I first discovered za’atar spice when Couchsurfing in Haifa, Israel. My host for the weekend took me for a short road trip in the surrounding villages (famous for the Druze culture). On our way to Ein Hod, an artists’ colony on the side of a small mountain, we stopped at a road side stand for a snack: pita bread with labneh (a yoghurt) and za’atar spice. The freshly cooked bread made for a tasty snack — but the real flavor came with the small bit of za’atar sprinkled between the bread roll. It was love from the very first taste. Sometimes your tongue just knows what it wants.

After returning to Tel Aviv I immediately made my way to the Shuk HaCarmel (market). There it was quite easy to find the spice (which also goes by the name Hyssop), and after doing a quick taste test with the elderly woman selling spices, I bought several hundred grams. This tradition continued for the rest of my summer in Tel Aviv back in 2010.

What did I use za’atar for, though? Honestly, I didn’t mind putting it on just about anything. But mostly (as I was just a volunteer and living on a meager budget), I would buy tubs of hummus, sprinkle some fresh olive oil and za’atar on top — maybe with some cut-up cucumbers and tomatoes — and call it a meal. A very tasty meal.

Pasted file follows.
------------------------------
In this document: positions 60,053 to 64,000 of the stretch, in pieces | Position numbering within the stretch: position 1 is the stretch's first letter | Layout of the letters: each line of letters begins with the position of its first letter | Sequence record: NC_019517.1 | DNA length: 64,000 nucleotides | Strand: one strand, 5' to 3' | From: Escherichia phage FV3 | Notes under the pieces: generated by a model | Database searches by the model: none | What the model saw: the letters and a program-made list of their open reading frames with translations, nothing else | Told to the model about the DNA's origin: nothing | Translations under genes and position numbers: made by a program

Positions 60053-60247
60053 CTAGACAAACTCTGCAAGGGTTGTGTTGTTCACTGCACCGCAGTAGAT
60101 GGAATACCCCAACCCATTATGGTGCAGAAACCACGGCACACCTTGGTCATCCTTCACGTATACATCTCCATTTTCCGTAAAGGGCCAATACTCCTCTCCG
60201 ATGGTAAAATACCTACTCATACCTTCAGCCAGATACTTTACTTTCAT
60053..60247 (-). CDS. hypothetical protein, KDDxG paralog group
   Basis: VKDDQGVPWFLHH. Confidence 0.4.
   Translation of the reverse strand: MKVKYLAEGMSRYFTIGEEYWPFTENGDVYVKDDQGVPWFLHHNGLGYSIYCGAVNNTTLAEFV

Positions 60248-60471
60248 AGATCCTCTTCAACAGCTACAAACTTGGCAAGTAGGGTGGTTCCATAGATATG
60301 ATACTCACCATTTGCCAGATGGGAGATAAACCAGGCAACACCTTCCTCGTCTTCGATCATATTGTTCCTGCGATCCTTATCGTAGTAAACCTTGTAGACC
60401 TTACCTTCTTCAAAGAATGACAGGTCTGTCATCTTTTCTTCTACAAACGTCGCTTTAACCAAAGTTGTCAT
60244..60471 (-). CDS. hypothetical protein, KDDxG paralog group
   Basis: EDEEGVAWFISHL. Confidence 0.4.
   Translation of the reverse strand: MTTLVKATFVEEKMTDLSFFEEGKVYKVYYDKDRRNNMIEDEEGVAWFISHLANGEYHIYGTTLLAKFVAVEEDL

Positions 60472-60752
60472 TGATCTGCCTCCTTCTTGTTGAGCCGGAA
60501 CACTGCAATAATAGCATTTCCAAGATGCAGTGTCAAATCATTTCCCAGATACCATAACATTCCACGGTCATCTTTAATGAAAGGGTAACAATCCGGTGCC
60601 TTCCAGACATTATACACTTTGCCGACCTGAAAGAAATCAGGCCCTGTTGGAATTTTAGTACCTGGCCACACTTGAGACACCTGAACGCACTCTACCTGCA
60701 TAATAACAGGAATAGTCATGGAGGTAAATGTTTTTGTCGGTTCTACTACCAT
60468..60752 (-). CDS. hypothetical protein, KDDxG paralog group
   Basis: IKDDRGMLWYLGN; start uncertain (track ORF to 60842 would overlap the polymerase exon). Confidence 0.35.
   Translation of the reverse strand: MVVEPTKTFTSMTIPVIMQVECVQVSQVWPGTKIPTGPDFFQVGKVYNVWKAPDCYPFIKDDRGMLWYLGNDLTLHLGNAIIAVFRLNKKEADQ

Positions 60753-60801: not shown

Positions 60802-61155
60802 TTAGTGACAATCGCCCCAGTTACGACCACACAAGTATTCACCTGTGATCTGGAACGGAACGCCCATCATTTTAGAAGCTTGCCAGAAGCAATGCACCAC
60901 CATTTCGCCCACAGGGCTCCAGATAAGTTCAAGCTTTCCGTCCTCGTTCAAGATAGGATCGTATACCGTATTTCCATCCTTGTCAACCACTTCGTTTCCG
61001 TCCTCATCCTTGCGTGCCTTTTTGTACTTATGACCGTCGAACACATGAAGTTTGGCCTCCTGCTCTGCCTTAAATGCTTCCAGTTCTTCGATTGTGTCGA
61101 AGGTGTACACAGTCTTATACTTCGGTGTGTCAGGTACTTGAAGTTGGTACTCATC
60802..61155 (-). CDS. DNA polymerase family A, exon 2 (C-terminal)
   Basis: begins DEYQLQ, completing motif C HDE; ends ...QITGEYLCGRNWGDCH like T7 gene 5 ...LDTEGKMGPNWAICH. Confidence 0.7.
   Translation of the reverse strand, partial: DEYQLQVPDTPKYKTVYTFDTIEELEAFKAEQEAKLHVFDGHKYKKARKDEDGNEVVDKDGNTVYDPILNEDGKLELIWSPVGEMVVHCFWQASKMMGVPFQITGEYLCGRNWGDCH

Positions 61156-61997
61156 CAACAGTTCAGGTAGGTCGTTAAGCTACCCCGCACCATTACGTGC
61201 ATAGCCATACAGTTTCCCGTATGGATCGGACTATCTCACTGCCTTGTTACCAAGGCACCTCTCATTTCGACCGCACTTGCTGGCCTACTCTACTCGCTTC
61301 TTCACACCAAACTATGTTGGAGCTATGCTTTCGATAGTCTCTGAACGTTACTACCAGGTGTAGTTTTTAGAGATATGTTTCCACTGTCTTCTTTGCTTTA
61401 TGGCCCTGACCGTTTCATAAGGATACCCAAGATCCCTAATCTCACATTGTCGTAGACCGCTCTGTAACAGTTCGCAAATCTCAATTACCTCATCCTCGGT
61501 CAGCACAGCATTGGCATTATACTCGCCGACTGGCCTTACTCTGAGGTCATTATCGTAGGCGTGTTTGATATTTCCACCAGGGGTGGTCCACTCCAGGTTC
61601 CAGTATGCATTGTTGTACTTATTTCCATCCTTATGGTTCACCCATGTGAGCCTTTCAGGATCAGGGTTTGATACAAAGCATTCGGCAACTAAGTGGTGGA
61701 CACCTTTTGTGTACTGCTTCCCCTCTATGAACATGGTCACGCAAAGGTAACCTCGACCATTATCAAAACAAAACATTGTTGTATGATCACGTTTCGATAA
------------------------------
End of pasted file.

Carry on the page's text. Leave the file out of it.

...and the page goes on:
If you’re looking for a cheap but delicious spice to add a bit of middle eastern flavor, definitely go with za’atar. I also used it in a Jordanian desert that I learned how to make at a cooking class in Petra, Jordan. You’ll find the spice by a variety of different names, and it’s actually quite simple to make yourself. Za’atar is essentially just a mixture of olive oil, sumac, salt & sesame.

Let me know if you’ve used the spice for any other recipes. I’m always looking for new ways to use my favorite ingredients.

Update: So, I wrote and scheduled this story about my favorite Middle Eastern spice before coming to Israel this week, and as it turns out, some other journalist also felt the need to publicly proclaim his love of the spice…which as often happens with silly stories, it was quickly blown out of proportion.

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